Response to the protest was mixed from students who attended the event but did not participate in the demonstration themselves.

“I think that the protest was really well done in the sense that it was well organized and peaceful, and I think that they made their point. I didn’t participate in the protest because I hadn’t read his literature beforehand, and so I didn’t have a sense of what his views were on everything. I had heard things from other students, so I was very understanding of why there was a protest and also a need for a protest. I’m happy that students were able to organize in a peaceful manner,” said Nikhita Luthra ’17.

Min Zhong ’19, however, expressed doubt about the productiveness of the protest.

“I’m convinced that the protest was the best way for some people to react to the talk and the speaker, but I thought it was unproductive, which is why I didn’t participate. I saw the talk as a chance to understand why Murray thinks the way he does, not as a chance to convince him from it,” she said. “I think the protesters missed out on that opportunity to interact with the primary source of some very controversial ideas.”

Desta Pulley ’17, one of the lead organizers of the protest, shared her thoughts on how the protest went, why she personally chose to protest, and her opinions of Murray’s work.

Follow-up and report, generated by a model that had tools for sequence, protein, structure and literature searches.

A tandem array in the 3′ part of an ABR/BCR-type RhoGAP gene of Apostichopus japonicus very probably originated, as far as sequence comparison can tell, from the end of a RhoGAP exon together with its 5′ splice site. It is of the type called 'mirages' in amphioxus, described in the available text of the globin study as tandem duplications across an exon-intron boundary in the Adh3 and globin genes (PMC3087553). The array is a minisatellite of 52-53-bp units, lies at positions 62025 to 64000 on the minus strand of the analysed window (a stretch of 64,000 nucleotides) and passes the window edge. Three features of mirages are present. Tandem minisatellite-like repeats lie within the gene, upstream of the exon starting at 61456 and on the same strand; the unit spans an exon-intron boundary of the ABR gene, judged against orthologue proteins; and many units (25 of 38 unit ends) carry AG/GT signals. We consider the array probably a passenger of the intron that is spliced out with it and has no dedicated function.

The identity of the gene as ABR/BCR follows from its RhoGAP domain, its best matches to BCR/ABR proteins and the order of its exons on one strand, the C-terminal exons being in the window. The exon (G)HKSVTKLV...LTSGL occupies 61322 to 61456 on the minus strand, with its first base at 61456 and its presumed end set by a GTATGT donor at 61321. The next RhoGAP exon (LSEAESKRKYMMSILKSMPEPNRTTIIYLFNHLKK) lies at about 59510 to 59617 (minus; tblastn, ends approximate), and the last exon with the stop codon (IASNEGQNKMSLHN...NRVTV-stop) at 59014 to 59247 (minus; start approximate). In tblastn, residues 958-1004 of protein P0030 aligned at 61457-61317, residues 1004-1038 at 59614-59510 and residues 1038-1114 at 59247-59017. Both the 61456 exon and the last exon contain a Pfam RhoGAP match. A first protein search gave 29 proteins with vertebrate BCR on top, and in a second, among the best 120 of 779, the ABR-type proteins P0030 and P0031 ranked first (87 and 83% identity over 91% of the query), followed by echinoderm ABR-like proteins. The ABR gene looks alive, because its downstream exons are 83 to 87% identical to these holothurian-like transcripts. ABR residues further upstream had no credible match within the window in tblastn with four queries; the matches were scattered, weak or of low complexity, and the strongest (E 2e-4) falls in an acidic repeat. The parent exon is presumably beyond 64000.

“I think the protest went very well, lots of people showed up (more than I expected) and the protest itself went seamlessly. I think it definitely sent a statement to those in the audience,” she said in an email.

“Personally, when I found out Murray was coming to campus, I was shocked, angry, and betrayed that my fellow students and administrators were letting this happen without batting an eye. This is a guy who thinks that I, as a woman and African-American, is inherently disadvantaged because my genetics make me less intelligent,” said Pulley.

“That sort of ideology is harmful and hateful. I wanted people to know that this wasn’t acceptable, and shouldn’t be acceptable, and a protest happened to be the best way to accomplish that,” she later said.

During his talk, Murray started by condemning the president-elect Donald Trump, calling him an extremely insecure man. Murray further condemned Trump’s appointment of Steve Bannon as his chief strategist. Bannon is a former executive of Breitbart, a popular media platform for the alt-right, a movement known for its white-nationalist, nativist, and anti-feminist ideologies.

Murray discussed what he viewed as a growing, culturally divergent upper class that has a fundamentally different lifestyle than those of average Americans. Citing a rise in mean SAT verbal scores, he spoke about Harvard’s increasing meritocracy. He said it concentrated people at Harvard into a critical mass of people with views different from others. Murray said this widening divide in culture and lifestyle between the “cognitive elite” and working class Americans is not a question of good or bad but difference. He concluded his talk by defining the key to American exceptionalism as the presence of a civil society through egalitarianism between classes. He speculated on a new “secular great awakening,” akin to the civil rights movement in the 1960s.